It won’t make a difference if you are the most wonderful singer in the world – if people in your audience cannot hear you. In developing a stronger singing voice, remember that a strong voice is not dependent on your throat or mouth – real singing power comes from the lungs. This is why we have repeatedly stressed that strong singing does not involve yelling. When individuals yell to the point where the throat becomes sore and voice hoarse, they are physically damaging the voice box, and not properly using the lungs and diaphragm for a strong singing voice.
To better help you develop a strong singing voice, try practicing the lung exercise outlined below.
- Sit upright and place one hand on your stomach and your other hand behind your back. Picture your two hands on top of each other, separated only by your torso.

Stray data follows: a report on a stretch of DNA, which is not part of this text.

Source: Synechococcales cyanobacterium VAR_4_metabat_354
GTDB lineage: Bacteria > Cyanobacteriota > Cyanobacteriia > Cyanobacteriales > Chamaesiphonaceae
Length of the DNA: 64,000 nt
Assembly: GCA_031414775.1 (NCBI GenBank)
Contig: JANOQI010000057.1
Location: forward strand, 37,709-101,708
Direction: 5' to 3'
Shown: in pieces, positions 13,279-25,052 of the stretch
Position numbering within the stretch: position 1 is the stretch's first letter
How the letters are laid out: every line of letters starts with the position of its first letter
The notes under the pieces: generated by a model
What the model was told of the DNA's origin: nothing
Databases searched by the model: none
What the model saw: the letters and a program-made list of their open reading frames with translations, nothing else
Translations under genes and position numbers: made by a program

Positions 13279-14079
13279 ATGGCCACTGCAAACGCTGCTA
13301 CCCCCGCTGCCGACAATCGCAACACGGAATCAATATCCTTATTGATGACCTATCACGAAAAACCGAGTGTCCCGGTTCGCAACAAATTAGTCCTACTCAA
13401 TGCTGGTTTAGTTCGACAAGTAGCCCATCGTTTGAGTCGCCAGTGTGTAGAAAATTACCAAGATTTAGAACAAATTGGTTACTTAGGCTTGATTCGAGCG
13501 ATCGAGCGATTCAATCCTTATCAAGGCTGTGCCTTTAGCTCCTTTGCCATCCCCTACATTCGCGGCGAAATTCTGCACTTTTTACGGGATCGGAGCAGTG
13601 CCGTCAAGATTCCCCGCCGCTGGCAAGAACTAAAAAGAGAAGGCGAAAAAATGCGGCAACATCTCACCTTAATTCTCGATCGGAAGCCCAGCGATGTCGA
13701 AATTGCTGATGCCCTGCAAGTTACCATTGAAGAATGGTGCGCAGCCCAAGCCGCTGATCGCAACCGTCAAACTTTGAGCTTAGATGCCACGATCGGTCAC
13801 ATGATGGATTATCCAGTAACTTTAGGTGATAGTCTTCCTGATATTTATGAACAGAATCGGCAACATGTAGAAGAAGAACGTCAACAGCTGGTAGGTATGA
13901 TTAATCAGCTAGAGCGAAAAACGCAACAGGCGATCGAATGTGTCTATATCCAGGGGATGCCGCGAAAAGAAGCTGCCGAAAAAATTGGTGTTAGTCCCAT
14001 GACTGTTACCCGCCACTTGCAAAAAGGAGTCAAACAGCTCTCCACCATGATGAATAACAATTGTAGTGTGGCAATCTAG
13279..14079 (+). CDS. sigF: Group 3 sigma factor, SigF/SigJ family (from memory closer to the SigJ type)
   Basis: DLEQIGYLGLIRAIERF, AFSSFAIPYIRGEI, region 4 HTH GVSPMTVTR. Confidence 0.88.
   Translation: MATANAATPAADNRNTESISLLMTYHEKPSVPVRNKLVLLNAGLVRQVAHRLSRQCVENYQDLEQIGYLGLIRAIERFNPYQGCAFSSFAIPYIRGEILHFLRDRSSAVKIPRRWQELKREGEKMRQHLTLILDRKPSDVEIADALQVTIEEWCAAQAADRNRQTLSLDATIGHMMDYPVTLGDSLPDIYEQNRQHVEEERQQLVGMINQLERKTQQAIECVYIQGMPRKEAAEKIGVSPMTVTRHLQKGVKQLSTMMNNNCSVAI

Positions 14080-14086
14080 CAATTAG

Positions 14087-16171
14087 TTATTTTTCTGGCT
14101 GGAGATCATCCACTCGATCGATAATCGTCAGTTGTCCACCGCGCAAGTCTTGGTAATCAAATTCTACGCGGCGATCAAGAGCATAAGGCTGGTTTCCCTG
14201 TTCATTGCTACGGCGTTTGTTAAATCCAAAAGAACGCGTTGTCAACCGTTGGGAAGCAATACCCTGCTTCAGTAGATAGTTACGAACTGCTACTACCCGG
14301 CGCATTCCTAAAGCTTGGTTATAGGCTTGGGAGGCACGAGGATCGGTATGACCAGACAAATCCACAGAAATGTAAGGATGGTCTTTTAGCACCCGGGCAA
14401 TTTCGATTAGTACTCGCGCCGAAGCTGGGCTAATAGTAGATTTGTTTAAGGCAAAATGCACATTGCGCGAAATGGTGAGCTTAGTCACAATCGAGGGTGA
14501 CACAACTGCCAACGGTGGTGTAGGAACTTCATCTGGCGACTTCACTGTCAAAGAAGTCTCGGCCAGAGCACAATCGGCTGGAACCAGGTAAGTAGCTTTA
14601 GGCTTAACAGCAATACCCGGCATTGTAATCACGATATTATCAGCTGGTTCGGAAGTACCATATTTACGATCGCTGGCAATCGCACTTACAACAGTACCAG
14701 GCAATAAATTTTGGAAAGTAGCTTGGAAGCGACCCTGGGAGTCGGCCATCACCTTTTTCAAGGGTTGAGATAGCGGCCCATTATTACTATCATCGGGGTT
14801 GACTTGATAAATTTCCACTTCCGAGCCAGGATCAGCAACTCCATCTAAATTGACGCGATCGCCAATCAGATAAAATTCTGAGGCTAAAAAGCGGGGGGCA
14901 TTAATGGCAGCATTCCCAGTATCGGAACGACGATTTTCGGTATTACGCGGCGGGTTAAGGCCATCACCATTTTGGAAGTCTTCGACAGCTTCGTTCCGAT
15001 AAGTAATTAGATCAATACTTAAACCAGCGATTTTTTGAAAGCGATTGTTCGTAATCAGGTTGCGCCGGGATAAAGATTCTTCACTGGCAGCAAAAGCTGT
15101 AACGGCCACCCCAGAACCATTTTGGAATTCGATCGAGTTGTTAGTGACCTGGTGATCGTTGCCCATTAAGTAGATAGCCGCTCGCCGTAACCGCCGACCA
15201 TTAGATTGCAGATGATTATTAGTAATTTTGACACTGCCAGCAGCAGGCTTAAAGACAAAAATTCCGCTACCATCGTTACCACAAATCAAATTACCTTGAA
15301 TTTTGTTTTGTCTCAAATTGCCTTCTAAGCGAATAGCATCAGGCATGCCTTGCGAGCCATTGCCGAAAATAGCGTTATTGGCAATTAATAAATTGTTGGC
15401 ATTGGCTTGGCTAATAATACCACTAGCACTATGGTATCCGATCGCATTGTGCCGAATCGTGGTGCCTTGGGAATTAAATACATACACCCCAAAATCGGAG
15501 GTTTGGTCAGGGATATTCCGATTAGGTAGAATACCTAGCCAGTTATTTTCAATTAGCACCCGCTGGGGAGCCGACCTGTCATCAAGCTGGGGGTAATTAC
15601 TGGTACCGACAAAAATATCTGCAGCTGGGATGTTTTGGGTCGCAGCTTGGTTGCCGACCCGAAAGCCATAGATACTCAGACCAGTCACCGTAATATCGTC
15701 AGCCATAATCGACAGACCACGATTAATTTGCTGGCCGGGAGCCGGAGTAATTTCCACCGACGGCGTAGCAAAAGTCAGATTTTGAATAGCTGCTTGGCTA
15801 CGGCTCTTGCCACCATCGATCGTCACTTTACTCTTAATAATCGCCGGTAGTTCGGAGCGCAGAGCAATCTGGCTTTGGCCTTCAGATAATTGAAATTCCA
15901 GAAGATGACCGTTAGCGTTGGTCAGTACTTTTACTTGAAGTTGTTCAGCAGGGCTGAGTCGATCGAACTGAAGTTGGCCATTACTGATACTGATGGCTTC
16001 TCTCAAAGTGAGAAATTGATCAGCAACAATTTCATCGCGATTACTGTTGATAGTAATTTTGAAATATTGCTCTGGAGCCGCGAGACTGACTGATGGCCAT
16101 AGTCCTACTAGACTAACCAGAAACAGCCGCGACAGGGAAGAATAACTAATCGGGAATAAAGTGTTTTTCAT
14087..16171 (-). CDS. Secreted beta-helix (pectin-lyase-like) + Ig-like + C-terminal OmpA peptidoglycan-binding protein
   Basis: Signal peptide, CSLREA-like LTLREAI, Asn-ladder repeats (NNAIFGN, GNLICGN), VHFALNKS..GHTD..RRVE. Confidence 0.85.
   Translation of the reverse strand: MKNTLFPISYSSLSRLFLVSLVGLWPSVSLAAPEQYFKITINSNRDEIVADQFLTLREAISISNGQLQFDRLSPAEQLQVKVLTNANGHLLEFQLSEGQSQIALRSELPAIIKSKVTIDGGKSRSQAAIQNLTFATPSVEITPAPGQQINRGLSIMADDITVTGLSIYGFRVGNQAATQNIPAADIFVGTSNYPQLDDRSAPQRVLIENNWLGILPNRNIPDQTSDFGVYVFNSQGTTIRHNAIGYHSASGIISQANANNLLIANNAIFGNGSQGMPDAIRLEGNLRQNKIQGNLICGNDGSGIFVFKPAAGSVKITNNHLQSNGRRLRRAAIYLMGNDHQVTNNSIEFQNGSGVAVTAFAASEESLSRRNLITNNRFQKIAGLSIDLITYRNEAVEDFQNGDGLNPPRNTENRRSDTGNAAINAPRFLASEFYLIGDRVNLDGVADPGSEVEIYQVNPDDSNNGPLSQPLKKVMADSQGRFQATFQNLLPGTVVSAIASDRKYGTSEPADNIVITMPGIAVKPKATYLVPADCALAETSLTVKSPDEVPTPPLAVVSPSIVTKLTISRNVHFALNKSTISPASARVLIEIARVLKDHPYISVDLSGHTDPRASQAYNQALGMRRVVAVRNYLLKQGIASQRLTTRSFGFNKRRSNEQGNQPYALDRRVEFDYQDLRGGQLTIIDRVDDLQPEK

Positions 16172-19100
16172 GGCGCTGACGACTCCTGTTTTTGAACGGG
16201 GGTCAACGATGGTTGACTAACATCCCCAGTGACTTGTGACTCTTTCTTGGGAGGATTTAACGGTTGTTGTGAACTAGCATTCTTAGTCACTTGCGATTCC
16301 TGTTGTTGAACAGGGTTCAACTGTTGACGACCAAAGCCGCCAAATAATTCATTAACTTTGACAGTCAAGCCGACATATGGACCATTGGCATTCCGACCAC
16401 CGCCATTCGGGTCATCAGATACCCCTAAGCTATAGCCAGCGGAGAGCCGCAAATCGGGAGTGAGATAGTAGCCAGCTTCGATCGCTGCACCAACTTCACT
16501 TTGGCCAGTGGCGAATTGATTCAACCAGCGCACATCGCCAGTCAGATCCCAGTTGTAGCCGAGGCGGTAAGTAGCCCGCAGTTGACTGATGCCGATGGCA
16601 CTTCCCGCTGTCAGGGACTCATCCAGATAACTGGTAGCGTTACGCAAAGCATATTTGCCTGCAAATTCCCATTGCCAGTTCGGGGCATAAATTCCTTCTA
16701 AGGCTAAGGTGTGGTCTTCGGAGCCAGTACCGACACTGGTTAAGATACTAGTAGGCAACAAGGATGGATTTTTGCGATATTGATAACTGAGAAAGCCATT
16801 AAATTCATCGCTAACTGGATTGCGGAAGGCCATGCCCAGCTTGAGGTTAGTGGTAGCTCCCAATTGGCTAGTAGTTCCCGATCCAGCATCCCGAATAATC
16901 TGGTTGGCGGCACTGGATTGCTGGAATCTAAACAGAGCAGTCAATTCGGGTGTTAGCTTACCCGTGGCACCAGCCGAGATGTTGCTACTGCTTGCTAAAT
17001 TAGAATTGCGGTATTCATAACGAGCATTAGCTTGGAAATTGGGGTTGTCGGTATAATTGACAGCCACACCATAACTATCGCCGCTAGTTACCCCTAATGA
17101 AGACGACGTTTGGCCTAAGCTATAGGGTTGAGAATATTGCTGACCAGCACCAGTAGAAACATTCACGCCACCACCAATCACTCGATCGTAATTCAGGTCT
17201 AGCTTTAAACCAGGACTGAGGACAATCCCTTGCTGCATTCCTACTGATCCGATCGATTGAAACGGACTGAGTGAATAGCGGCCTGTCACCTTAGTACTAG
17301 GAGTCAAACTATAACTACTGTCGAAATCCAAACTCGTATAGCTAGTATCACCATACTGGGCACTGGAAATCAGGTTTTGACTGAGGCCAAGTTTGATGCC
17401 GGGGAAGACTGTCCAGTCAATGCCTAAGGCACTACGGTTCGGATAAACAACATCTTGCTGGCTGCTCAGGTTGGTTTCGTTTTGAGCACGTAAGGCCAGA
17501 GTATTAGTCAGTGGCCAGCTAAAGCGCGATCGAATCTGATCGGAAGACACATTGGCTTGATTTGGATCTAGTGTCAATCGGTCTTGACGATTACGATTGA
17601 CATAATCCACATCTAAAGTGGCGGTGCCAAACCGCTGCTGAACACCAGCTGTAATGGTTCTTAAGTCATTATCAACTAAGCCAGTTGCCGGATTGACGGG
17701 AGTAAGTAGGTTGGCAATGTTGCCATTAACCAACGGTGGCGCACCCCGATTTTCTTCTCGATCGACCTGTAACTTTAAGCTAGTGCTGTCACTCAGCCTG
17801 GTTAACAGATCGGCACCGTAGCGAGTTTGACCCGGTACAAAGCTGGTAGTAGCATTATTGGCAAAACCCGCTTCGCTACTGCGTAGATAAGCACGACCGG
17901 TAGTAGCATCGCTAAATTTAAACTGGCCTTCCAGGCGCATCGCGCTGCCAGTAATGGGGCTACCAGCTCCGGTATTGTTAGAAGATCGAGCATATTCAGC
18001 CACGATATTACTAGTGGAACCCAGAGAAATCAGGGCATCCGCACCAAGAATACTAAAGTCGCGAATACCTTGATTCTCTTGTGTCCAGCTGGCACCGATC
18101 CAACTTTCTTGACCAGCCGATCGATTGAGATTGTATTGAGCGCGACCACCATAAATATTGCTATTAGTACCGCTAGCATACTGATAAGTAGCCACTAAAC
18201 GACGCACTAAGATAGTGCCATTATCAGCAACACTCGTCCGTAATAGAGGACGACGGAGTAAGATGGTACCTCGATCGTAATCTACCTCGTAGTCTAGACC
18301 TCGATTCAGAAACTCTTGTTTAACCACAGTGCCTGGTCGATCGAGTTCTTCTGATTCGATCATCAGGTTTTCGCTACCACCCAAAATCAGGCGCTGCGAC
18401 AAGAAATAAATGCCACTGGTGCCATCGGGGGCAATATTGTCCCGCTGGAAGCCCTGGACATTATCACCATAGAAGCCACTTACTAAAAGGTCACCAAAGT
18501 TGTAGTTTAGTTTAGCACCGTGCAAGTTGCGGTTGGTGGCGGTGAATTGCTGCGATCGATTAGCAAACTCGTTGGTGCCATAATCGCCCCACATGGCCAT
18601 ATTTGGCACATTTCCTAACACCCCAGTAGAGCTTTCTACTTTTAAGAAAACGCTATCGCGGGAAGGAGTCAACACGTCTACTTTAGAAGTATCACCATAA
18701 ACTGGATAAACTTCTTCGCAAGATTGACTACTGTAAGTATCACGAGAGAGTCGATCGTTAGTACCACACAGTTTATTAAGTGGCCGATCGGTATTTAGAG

- Take a deep breath, attempting to move both of your hands out as far as possible while they are still placed on your body. It takes a lot of practice and lung strength to make your back move, so don’t worry too much if your back doesn’t move at first.
- Exhale quickly, making no sound as you breathe out. Noise during the exhalation process is an indicator of tension in the voice box.
- Breathe in again, hands still on your stomach and back
- Exhale again, only this time say the first letter of the alphabet.
- Repeat this exercise until you reach the letter Z. As you advance through the alphabet imagine that you can speaking to someone farther and farther away. Your voice should get louder and stronger while still breathing normally.
This is called belly breathing. Remember how this movement feels as you practice the voice exercises. Belly breathing is how you always want to breathe in order to maximize the use of your lung capacity to generate a full and rich voice.